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A macro-requirement contains requirements and passes its attributes, text, or links onto those requirements. If a downstream element directly references a macro-requirement, the downstream element also covers all the requirements the macro-requirement contains.
A macro-requirement element defines a starting location and an ending location, where Requirements Gateway associates any requirement element between the locations with the macro-requirement. For example, a macro-requirement element might interpret the syntax [MacroReq_reqid], where reqid is the macro-requirement ID, as a starting location, and the syntax [End_of_MacroReq] as an ending location.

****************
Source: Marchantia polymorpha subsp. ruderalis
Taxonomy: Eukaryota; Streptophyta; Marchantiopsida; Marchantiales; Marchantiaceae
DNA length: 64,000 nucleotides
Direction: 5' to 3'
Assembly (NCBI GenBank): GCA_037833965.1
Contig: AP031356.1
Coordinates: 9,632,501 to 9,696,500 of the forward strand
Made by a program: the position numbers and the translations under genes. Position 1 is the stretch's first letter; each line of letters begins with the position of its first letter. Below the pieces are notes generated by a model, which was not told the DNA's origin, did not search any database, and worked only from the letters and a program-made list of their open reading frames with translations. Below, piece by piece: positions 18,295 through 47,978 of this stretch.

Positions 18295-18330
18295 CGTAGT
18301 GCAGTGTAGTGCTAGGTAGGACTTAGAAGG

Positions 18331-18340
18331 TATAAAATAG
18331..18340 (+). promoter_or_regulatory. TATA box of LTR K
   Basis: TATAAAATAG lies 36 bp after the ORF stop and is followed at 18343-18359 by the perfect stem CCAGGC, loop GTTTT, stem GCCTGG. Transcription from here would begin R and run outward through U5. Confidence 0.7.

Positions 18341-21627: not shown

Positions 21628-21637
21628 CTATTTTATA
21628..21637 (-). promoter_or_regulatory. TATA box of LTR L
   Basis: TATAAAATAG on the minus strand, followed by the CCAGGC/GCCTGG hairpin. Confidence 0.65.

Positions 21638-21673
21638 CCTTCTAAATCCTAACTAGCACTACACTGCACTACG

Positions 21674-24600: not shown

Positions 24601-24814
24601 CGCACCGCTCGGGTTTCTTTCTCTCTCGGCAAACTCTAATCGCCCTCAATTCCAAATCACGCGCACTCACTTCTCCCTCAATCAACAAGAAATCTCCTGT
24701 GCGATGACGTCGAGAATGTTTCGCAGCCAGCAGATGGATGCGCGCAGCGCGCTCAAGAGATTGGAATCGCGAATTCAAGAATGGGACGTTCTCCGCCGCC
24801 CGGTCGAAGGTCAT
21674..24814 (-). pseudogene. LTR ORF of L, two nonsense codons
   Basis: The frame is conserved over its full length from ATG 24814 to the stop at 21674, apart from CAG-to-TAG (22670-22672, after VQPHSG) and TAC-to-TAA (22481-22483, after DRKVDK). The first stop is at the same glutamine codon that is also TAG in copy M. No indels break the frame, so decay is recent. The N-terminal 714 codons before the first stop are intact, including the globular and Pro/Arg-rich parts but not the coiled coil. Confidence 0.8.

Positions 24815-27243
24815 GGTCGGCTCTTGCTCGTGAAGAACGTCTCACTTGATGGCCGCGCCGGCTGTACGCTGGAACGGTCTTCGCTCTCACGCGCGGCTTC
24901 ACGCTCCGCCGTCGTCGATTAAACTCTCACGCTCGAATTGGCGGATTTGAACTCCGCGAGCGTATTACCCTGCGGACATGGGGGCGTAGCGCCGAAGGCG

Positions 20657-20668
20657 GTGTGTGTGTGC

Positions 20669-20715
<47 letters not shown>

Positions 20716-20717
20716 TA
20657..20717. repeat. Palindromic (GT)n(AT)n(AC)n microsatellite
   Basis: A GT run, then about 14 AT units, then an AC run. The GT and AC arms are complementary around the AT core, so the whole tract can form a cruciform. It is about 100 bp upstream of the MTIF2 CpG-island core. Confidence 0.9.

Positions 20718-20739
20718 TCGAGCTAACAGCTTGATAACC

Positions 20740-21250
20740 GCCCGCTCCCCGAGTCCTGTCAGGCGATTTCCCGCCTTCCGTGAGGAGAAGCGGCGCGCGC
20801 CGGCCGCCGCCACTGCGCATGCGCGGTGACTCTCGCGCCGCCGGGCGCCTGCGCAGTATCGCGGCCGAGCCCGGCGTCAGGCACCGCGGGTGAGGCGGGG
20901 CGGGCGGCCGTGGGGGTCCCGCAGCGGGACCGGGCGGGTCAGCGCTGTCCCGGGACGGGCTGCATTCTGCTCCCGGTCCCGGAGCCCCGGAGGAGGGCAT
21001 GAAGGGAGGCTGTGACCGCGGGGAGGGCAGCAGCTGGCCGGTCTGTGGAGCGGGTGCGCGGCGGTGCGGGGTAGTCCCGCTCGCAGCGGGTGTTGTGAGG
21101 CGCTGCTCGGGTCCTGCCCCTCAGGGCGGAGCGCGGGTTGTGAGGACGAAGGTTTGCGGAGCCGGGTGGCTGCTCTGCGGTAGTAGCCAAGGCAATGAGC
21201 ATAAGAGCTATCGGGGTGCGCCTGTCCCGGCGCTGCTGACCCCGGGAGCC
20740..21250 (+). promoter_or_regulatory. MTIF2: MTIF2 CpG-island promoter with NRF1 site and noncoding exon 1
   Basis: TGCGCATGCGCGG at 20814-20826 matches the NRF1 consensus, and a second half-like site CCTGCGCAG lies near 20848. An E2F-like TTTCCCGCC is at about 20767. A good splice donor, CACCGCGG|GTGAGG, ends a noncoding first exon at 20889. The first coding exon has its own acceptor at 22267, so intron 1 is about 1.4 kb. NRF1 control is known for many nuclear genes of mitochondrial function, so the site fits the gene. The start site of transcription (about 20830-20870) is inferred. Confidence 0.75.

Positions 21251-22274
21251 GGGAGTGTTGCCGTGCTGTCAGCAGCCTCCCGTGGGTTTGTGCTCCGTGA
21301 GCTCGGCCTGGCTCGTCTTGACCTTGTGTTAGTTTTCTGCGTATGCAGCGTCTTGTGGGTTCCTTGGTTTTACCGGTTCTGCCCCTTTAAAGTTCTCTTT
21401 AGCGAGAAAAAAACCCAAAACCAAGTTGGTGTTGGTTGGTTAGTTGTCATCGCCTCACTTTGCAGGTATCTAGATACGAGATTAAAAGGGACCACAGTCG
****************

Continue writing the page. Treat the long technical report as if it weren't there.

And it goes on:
If you use the main window to add attributes, text, or links to a macro-requirement, Requirements Gateway adds the attributes, text, or links to any requirements and derived requirements the macro-requirement contains.
|Note A derived macro-requirement does not exist. A macro-requirement that exists at an intermediate level in the traceability of a project but does not reference upstream requirements remains a macro-requirement. If the macro-requirement contains derived requirements, adding links to the macro-requirement transforms each derived requirement into a requirement. Thus, a macro-requirement that is referenced at least once does not contain any derived requirements. Refer to Chapter 3, Analyzing Requirements, of the Getting Started with NI Requirements Gateway manual for more information about using multiple levels of traceability in a project.|
The following figure shows an example of how you may use a macro-requirement to contain requirements in a source file.
The following figure shows the intermediate file for a Microsoft Word source document which uses the previous macro-requirement structure.
Complete the following steps to specify a regular expression and an end regular expression to capture the macro-requirement shown in the figure.